Friday, October 29, 2010

Visceral Structures

an encaustic and mixed-media artist Elizabeth Back's solo exhibition "Visceral Structures" is on view at the Silvermine Arts Center in New Canaan, CT. Back creates paintings, sculpture and installations that relate to nature and the body on varying scales. several paintings are round like huge petrie dishes that have some type of life form growing in them; others are very textural and also have a feeling of reproduction in progress. we get a close up view of things usually unseen. don't miss it but hurry-only up through 11/5.

Friday, July 2, 2010

10 Years Old

on my web site is a series called the genome project. they are 12" x 12" encaustic paintings on panel that use the letters of the genome-ATCG-and other imagery to reflect upon what makes us us -human.
this week the decoding (or mapping) of the complete human genome is celebrating its 10th anniversary. it is our DNA instruction book where only 1/2% difference in the code creates our uniqueness.
you might say "so what"? but very likely, within the next 3-4 years your map/book will be read for less than $1000.00 and within the next 10 years it will be a part of our medical records.
hopefully advances in predictions, prevention and cures will also grow at an even faster pace. it was also announced this week that a group of scientists think they have found the genes for longevity. how does being 100 years old sound? still creating art?
for further info check out Spencer Wells at the National Geographic Genome site.

Friday, June 18, 2010

Transfer Notes from 4th Annual Encaustic Conference

Here are some notes and observations on doing transfers based on my experience and seeing what other artists do. I use a lot of images and text that I transfer and want to do it as perfectly and quickly as I can-you may have found other ways but so far this is what I feel works best. Doing a transfer can seem like magic but by paying attention to a couple of details it is a straight forward process.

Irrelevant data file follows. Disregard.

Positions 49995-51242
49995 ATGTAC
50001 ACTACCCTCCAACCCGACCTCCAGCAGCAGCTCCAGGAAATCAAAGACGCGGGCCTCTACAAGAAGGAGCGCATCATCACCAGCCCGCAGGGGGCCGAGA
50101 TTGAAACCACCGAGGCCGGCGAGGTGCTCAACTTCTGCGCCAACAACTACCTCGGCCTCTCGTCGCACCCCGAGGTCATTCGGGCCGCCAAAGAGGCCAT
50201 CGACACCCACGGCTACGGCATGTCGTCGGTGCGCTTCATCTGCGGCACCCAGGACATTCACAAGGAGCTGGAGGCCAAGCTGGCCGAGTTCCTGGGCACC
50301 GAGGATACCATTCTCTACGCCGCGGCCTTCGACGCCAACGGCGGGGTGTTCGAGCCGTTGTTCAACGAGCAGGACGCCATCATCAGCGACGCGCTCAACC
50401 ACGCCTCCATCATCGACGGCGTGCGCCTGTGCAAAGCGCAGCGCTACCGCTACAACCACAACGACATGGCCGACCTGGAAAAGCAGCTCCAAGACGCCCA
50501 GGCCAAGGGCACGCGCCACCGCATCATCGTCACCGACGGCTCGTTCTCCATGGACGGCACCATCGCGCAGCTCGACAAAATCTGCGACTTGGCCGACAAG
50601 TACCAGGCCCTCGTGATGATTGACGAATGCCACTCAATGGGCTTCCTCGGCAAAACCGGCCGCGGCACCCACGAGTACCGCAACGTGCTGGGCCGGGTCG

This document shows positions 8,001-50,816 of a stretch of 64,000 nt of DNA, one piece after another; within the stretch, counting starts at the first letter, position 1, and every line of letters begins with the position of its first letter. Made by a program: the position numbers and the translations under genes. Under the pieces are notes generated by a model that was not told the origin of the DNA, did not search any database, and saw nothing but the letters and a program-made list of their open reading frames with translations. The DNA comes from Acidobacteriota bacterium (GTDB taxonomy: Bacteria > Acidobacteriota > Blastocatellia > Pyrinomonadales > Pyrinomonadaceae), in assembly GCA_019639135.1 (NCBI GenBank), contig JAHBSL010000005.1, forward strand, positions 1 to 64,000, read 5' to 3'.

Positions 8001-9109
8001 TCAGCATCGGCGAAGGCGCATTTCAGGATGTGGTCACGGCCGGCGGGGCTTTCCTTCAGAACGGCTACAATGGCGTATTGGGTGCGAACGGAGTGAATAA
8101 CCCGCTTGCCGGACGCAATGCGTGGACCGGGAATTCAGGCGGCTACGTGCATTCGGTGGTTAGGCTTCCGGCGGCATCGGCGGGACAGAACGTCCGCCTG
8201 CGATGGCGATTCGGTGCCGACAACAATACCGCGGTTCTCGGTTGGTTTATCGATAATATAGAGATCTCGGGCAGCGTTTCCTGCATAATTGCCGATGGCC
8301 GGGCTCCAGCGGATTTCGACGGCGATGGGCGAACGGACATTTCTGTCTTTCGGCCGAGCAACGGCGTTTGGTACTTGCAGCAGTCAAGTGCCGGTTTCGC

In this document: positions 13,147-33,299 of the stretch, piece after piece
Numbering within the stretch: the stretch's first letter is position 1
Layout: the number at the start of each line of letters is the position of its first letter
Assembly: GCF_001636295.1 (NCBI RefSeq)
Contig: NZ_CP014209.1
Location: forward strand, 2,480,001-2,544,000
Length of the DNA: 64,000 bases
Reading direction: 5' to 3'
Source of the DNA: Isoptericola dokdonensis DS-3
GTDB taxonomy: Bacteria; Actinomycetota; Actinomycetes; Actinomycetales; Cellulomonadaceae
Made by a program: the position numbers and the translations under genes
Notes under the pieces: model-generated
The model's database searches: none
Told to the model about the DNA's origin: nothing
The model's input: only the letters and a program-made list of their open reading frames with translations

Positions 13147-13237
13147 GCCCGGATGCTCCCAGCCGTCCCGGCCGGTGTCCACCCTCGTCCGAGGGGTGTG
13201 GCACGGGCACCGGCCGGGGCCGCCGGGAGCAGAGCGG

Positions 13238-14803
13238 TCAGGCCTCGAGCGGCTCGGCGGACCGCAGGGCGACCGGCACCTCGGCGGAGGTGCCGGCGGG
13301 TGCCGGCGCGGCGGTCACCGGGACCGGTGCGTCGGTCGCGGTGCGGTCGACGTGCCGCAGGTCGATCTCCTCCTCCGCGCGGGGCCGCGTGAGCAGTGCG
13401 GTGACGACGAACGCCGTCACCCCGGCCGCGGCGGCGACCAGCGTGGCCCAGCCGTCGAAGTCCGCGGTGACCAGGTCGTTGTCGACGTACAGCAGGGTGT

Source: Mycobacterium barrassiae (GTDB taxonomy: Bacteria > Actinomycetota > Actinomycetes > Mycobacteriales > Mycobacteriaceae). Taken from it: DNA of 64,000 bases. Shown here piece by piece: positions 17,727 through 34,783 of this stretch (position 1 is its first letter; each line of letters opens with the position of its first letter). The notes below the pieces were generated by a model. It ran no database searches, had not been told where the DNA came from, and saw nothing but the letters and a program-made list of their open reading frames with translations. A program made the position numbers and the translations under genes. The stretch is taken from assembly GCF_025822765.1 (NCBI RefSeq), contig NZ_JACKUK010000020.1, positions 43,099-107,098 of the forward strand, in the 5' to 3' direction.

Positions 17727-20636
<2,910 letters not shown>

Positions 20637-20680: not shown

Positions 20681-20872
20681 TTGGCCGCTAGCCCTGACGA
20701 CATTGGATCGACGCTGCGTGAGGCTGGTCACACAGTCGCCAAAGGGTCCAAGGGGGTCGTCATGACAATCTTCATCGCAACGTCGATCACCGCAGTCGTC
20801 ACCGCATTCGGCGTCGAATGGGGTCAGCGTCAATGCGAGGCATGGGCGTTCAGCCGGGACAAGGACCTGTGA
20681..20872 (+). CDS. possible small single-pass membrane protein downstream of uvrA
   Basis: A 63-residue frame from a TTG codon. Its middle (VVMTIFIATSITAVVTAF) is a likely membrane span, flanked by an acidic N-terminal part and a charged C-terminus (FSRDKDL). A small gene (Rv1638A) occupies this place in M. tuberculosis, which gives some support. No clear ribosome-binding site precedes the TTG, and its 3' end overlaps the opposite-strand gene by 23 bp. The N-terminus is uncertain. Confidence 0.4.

What is the difference between lazer and ink jet copies? Laser (toner) printers heat a powdery toner that is applied to the paper. An ink jet sprays ink dots and uses either heat (Canon, HP) or electricity (Epson) to set the ink.

What to transfer-
Photocopy, laser copy, toner copy in B & W or color, newspaper copy. Ink jets don’t work well but are not impossible.* but why bother? They are often not waterproof.Remember to “mirror” text so it will be right reading.
Graphite, color pencils, charcoal, pastel (not oil), carbon or Saral paper,metallic transfer tapes.
Color from magazine pages.
Lazertran ink jet paper-more of a combination of techniques as the image is actually collaged in.

How to: the basic technique
Note:there is no need to use any kind of solvent
Fused, smooth surface-the smoother the surface the more perfect the transfer will be. I like some or all medium on the surface that the transfer will be on-medium is more tacky. Medium will also prevent pigmented encaustic paint from seeping into the image when you fuse. This is especially true when using charcoal.
Warm the surface-between 80-110 degrees. The transfer is harder to do if the surface is too cool and you will just push into the wax if the surface is too warm. Feel it and/or use a digital thermometer.
Place the transfer face down. Rub with a metal tool-a burnisher works best. You need the hardness of the metal tool-it works much better that wood, bone, etc. This usually takes around a minute.
Spray with water and rub over the paper. It may need several applications of water. Let the water do the work! Then rub off the paper pulp-fingers, old towels, sanding blocks, kitchen scrubbies-all these work.
Even though it looks clean add a little more water and rub with you fingers to get that very fine layer of paper off. It is easiest to edit the image at this time , removing any parts of the transfer you don't want to keep.If it is a keeper, lightly fuse. Of course if you fuse too much you will move the image, sometimes you might do that on purpose for the effect.
Cut the image out completely, put face down and cover with wax paper, then burnish.
Leave some of the paper pulp on or around the image which can add softness, some dimension.

To transfer a graphite, pencil or pastel drawing -no water.
Most artists don’t use heat for this but I prefer the surface to be just slightly warm.
The transfer will work best if the drawing is done on a non- absorbent paper.
Place face down on surface, burnish, lift up edge to check transfer, slowly pull off the paper.